Rumors Persist That Uzbekistan's Ailing Leader Has Died President Islam Karimov fell ill over the weekend. His daughter says he's in stable condition. Renee Montagne talks to Steve Swerdlow, director of the Central Asia office of Human Rights Watch.
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Rumors Persist That Uzbekistan's Ailing Leader Has Died

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Rumors Persist That Uzbekistan's Ailing Leader Has Died

Rumors Persist That Uzbekistan's Ailing Leader Has Died

Rumors Persist That Uzbekistan's Ailing Leader Has Died

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  • <iframe src="https://www.npr.org/player/embed/492057082/492057083" width="100%" height="290" frameborder="0" scrolling="no" title="NPR embedded audio player">
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President Islam Karimov fell ill over the weekend. His daughter says he's in stable condition. Renee Montagne talks to Steve Swerdlow, director of the Central Asia office of Human Rights Watch.

RENEE MONTAGNE, HOST:

Some parts of the former Soviet Union still function a lot like the former Soviet Union. One of those is Uzbekistan. That Central Asian country's president, Islam Karimov, fell ill over the weekend. A news site which is banned in Uzbekistan reported the leader dead on Monday. But last night, Karimov's daughter on Instagram said her 78-year-old father is in stable condition following a cerebral hemorrhage and thanked well-wishers for their support. Steve Swerdlow is Central Asia researcher for Human Rights Watch and joins us now to talk more about this. Good morning.

STEVE SWERDLOW: Good morning, Renee.

MONTAGNE: So Karimov is among the last of the Communist Party bosses - you know, big men of the Soviet Union. Uzbekistan is one of the world's most repressive and opaque governments. This is a case-in-point, I think. Tell us a little bit more about Karimov and Uzbekistan.

SWERDLOW: Well, you know, whether or not the reports of his death are officially confirmed, Karimov will go down in history as one of the most ruthless autocrats and, in a way, most wily strategists of this post-Soviet period. He's been in power for almost 27 years. As you noted, he was the Communist Party boss before he became the president. And immediately upon taking office in 1991, he started to jail all potential political opponents.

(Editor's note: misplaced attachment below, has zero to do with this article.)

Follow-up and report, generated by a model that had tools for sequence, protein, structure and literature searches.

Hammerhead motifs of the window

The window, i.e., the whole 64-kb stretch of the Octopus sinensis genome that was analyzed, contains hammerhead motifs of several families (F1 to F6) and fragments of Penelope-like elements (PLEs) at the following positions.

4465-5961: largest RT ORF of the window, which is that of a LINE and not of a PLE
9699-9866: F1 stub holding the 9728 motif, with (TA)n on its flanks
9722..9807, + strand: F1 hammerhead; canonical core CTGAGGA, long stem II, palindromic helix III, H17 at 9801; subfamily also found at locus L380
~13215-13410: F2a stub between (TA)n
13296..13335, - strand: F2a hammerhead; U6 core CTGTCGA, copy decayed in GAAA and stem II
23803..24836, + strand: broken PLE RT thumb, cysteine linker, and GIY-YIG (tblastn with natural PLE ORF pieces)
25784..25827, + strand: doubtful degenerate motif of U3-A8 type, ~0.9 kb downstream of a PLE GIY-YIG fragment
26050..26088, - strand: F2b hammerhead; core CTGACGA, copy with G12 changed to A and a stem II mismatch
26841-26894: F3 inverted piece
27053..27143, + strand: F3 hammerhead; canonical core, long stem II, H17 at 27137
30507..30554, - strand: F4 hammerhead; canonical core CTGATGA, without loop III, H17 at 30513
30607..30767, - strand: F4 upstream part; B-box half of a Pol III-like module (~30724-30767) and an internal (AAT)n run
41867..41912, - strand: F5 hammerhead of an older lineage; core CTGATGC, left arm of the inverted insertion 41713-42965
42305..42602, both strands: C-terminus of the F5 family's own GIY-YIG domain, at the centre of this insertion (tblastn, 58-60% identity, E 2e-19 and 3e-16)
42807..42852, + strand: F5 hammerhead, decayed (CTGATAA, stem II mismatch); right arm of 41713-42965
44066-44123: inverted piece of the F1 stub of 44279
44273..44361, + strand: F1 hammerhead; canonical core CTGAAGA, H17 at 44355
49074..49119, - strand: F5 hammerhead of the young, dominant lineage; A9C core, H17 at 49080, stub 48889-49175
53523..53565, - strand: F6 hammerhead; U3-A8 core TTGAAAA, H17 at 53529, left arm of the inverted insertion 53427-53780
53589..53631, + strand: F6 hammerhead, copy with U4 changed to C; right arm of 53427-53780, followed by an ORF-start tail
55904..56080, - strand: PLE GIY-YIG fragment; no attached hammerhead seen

And he's really ruled with an iron fist for the last quarter-century, employing a policy of torture, forcing millions of his own citizens to pick cotton in the fields in very abusive conditions for the profit of the state. And also, he has jailed upwards of perhaps even 10,000 political prisoners, which is more political prisoners than all of the former Soviet states combined.

MONTAGNE: And one reason that Uzbekistan, which was something of a backwater before 9/11, came to the attention of the U.S. is that it shares a border with Afghanistan. And the U.S. established an important airbase there in the early years of the Afghan war. Tell us what happened to that relationship.

SWERDLOW: That relationship has gone through ups and downs. In 2005, Karimov really showed his true nature. He gave an order to government forces to surround a public square where protesters had gathered. He ruthlessly ordered his troops to shoot, and they killed close to a thousand largely peaceful protesters. And after that bloody incident, the United States, the European Union, the OSCE, the United Nations, they condemned those actions. They distanced themselves from Uzbekistan and placed sanctions on the government. There was a cooling of ties for several years. But when the war in Afghanistan really heated up again, Karimov was needed by the West. And so for the past six, seven years, there's been renewed military cooperation and, from our perspective in the human rights world, not enough attention paid to the absolute repression that has reigned supreme in Uzbekistan

MONTAGNE: If Karimov is, in fact, dead or incapacitated, what's likely to happen?

SWERDLOW: Well, absent outside pressure and a strong message from Washington and Brussels and other capitals that there need to be reforms, we're likely to see the atrocious human rights situation inside the country continue. Karimov has cleared the ranks of all opposition. And those that are likely to come into power are regime insiders who most likely are going to continue using these abusive practices, such as torture, to maintain control over the population. And that's something that really just shouldn't continue, given the severity of the abuses inside the country.

MONTAGNE: Steve Swerdlow is Central Asia researcher for Human Rights Watch. Thanks very much.

SWERDLOW: Thanks, Renee.

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